Civil society – BRICS engagement: opportunities and challenges
The nature, scale and strength of civil society across the five BRICS countries vary greatly. While civil society is reasonably strong and visible in Brazil, India and South Africa, its nature and pattern is
considerably different in China and Russia. In addition, the democratic space for civil society, is relatively open in the first three BRICS countries, as compared to China and Russia. Therefore, civil society’s engagements with national policy-makers, political leaders and senior officials are very different in character across the BRICS
The paper aims to inform civil society about BRICS and initiate deliberations primarily amongst indigenous civil society from BRICS countries and with civil society from other developing countries (affected by BRICS’ agenda), with a view to exploring the relevance, scope and modalities of civil society engagement with BRICS. It considers the following questions:
- does BRICS as an alliance of the ‘rising powers’ hold any promise to address the shared interests and concerns of civil society in these countries nationally and globally?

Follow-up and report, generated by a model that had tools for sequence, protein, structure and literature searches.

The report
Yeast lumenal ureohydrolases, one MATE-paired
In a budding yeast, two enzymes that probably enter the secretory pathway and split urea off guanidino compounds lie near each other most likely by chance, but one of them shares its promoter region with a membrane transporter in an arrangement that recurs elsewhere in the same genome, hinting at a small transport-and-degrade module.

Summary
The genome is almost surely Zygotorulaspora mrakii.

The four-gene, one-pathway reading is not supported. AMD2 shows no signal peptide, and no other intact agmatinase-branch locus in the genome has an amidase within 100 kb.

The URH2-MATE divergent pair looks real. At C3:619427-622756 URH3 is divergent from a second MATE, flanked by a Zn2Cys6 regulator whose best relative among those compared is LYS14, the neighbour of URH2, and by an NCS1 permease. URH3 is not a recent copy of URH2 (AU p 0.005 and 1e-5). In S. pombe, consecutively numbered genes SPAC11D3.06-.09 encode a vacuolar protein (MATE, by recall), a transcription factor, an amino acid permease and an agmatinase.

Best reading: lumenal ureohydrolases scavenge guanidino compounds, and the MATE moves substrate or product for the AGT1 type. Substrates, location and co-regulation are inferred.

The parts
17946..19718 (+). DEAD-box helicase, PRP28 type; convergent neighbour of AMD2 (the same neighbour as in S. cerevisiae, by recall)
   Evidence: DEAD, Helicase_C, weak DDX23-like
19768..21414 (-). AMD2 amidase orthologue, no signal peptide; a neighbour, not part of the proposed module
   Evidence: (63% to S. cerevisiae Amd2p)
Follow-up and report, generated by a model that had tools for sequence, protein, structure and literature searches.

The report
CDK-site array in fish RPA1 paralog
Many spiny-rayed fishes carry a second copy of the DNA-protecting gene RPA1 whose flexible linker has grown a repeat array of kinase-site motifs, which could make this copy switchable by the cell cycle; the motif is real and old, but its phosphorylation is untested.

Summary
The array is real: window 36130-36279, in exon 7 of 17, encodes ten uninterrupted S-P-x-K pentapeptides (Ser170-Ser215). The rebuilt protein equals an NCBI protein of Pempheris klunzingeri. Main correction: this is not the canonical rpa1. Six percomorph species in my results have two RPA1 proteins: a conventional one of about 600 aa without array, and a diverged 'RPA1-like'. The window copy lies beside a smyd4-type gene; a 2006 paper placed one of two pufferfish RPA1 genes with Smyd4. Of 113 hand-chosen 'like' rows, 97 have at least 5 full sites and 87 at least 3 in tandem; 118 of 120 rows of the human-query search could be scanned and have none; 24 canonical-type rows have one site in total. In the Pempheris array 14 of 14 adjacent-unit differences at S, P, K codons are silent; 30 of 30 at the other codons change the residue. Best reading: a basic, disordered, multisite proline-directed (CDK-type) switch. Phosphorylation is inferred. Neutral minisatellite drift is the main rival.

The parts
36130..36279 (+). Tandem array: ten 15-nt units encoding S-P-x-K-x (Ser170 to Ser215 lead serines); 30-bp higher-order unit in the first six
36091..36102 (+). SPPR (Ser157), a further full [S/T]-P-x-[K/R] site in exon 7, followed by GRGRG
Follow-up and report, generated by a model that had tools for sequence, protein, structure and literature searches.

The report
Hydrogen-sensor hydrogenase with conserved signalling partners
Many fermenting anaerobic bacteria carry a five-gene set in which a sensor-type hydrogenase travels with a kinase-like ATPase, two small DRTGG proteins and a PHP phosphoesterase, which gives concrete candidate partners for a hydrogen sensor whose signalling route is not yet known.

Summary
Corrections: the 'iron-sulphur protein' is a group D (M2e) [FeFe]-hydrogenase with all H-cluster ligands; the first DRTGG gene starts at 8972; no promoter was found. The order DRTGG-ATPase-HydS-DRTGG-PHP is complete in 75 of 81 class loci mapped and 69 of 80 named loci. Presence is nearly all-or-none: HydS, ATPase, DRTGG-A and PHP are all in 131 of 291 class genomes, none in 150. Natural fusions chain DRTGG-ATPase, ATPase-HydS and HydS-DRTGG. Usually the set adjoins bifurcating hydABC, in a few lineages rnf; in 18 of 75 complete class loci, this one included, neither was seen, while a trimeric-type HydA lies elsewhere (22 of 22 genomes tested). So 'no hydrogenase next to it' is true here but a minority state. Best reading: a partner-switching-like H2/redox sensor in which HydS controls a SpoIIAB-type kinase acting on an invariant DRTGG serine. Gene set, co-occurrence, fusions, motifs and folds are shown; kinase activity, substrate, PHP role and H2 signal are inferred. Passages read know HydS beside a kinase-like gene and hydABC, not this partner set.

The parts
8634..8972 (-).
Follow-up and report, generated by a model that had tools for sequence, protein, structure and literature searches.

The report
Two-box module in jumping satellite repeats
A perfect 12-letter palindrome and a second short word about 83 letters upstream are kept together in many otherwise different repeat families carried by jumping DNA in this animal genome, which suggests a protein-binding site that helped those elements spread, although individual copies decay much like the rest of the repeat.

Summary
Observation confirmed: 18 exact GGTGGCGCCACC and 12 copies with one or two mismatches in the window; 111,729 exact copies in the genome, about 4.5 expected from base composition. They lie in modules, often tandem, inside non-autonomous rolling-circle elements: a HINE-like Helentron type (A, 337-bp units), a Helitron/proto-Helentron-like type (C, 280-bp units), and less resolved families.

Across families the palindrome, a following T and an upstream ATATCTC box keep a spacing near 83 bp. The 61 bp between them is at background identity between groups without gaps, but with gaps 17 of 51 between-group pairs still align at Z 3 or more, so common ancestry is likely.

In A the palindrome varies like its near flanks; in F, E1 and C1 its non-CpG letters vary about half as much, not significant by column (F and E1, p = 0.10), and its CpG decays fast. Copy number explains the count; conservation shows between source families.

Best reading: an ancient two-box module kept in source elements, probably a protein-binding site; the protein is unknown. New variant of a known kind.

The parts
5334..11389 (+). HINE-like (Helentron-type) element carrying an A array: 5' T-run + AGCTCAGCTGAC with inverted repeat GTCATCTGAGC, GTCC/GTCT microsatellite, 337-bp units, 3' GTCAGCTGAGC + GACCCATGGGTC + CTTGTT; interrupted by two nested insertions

- what does the collective BRICS represent in the emerging architecture of global governance? Should civil society take notice of its agenda and its implications on the citizens? Should civil society engage at all with BRICS?
- if answers to these open ended questions are found in the affirmative, what should be the modalities and purposes of such engagements and what are the potential pitfalls?
The authors argue that it useful to recognise that networks of civil society in each of these five BRICS countries should come together to explore these questions of why to engage, what to engage and how to engage BRICS from their own national/domestic perspective.